Sunday, June 27, 2010

David Chen: the Law versus Common Sense

Look no further than the criminal charges against Toronto shop keeper David Chen to see how law enforcement can morph into farce.

May 2009: A security camera showed Anthony Bennett, a thief with 43 convictions, stealing $60 in plants from Chen's store, the Lucky Moose in Chinatown. The thief returned an hour later, and was apprehended by Chen and his employees. They held him until the police arrived four minutes later.

In addition to charging Bennett with shop-lifting, the zealous constable charged Chen and his employees with assault, kidnapping, forcible confinement, and possession of a concealed weapon. The weapon was a box cutter used in Chen's retail business, and attached to his belt. (Shades of the killing of Robert Dziekanski where the RCMP claimed a stapler an offensive weapon.)

Crown Prosecutor Colleen Hepburn offered to drop the kidnapping and assault charges if Chen pleaded guilty to forcible confinement and possession of a weapon. For this he would receive an 18-month suspended sentence and a criminal record. Chen refused. The kidnapping and possession charges were dropped anyway.

A charge of kidnapping entitles defendants to a jury. The Prosecutor rightly feared Chen's peers would do the sensible thing and find everyone not guilty. The two remaining charges will be heard by a judge sitting alone.

For pleading guilty to this and yet another theft charge, serial criminal Bennett got 90 days jail time reduced to 30 days on condition he testify against Chen -- a despicable use of prosecutor discretion.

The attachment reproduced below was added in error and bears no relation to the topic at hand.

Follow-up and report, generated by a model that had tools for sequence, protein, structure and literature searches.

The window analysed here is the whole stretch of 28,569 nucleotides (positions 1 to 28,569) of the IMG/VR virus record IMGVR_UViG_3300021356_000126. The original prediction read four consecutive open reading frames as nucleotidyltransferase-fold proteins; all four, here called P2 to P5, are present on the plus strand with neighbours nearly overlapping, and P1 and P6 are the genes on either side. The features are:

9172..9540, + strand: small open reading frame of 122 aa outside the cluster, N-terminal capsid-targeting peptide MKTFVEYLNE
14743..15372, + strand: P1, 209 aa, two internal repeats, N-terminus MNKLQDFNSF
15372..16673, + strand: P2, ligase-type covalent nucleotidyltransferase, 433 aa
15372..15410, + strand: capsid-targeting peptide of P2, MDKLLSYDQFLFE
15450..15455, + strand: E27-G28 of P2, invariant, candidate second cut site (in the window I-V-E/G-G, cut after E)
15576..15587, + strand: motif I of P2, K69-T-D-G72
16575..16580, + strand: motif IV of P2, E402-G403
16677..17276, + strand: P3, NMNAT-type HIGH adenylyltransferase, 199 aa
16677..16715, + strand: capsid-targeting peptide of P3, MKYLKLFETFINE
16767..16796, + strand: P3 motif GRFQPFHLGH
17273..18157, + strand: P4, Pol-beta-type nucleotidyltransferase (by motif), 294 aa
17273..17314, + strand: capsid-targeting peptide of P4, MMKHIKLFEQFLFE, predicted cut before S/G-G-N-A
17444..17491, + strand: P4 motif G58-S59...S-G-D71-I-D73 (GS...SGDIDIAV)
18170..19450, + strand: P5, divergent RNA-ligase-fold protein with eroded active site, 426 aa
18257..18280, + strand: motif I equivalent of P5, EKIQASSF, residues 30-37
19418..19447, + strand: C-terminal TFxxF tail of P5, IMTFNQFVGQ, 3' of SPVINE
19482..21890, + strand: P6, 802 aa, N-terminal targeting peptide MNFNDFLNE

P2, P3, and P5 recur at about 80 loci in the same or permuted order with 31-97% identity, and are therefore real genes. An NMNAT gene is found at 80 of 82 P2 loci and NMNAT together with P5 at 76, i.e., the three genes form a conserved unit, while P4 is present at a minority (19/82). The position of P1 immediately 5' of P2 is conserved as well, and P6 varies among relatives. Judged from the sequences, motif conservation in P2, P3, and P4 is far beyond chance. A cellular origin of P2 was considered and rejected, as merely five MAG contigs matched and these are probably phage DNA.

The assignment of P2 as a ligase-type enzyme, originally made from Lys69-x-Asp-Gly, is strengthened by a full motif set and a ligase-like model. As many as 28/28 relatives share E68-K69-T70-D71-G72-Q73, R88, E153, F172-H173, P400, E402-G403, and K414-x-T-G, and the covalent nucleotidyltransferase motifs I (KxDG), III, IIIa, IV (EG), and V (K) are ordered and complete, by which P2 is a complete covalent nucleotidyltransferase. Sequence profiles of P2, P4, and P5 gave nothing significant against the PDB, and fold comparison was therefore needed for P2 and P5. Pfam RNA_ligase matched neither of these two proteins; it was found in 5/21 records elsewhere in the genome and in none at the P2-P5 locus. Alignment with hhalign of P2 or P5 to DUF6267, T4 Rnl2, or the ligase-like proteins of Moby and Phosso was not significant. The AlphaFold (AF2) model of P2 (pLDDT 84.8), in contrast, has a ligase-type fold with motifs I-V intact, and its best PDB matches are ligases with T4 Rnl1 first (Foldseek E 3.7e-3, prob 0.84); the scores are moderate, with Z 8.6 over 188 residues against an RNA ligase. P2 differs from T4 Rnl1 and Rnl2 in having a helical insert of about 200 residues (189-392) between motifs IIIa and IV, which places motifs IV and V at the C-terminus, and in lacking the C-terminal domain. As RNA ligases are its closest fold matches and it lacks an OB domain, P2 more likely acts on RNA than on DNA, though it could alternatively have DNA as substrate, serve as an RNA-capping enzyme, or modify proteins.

The criminal code allows a citizen to arrest someone if caught committing the crime, a law that goes back to ancient times of hue and cry. Since then, surveillance cameras have been invented. They operate in lieu of the shopkeeper standing guard all day. Any reasonable judge would modernize the concept of citizen arrest to include the Chen situation, and accept camera evidence as sufficient grounds for later arrest.

Should the judge find guilt, the vagaries of the law will reveal themselves. We can be sure fee-sniffing, ambulance-chasing lawyers are already salivating to offer Bennett a deal -- split the take in a civil suit against David Chen. Given the quirks of the legal system, a judge might well award damages to the thief. But that's for another post.

October 29, 2010: Chen and his employees were found not guilty. On occasion, judges do the right thing. The law under which they were arrested was amended in June 2012.

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